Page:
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Two Charts of Cook's Australian Discoveries on his First Voyage

Great set of two French-language maps illustrating notable points during Cook's First Voyage, from the first French official account of the journey. These two maps appeared in the 1774 French translation of Hawkesworth's 1773 account of the voyages, with this plate being engraved by Robert Bernard following a map by Thomas Bowen.

The first of the two maps charts the entrance of the Endeavour River, showing the area around present-day Cooktown, Queensland. The entrance of the river is displayed with the locations of freshwater sources and various soundings. Cook was marooned in the vicinity of this river mouth for seven weeks after hitting part of the Great Barrier Reef. Cook and his crew explored the region while making repairs to the ship, and made contact with local aboriginal tribes.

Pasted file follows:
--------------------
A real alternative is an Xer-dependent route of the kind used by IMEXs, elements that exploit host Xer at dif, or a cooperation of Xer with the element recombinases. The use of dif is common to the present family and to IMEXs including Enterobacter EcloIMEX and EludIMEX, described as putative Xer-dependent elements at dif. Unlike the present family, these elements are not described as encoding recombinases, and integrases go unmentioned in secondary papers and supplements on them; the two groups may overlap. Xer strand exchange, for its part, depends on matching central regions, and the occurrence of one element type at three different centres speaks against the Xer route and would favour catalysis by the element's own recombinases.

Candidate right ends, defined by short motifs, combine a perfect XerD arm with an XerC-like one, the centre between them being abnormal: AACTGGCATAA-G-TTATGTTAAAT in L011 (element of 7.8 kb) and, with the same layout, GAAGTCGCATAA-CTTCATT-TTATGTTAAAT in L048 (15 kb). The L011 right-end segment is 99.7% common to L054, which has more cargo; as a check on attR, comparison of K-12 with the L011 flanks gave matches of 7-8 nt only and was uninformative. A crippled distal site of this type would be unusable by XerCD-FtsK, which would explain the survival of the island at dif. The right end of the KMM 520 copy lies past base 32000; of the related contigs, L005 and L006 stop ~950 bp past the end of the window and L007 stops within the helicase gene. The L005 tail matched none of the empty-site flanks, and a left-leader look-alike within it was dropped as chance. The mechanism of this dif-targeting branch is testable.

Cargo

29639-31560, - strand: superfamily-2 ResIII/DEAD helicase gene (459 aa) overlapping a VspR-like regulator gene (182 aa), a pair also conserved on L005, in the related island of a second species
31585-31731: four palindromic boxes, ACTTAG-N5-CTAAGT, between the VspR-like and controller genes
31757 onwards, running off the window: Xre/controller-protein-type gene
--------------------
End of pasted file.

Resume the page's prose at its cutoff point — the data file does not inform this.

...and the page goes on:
The second of the two maps shows Botany Bay, in southern Sydney. Cook was the first European to visit the bay, and named the bay after the large amount of botanical specimens collected (though he first bestowed the name "stingray bay" due to the prevalence of these creatures). This map also shows fantastic detail, naming Cape Banks and Cape Solander.

Cook's First Voyage circumnavigated the globe starting in 1768 with two goals: to observe the transit of Venus from the South Pacific and to attempt to discover the Terra Australis Incognita. Along the way, Cook discovered many new locations, particularly in the South Pacific, New Zealand, and Australia.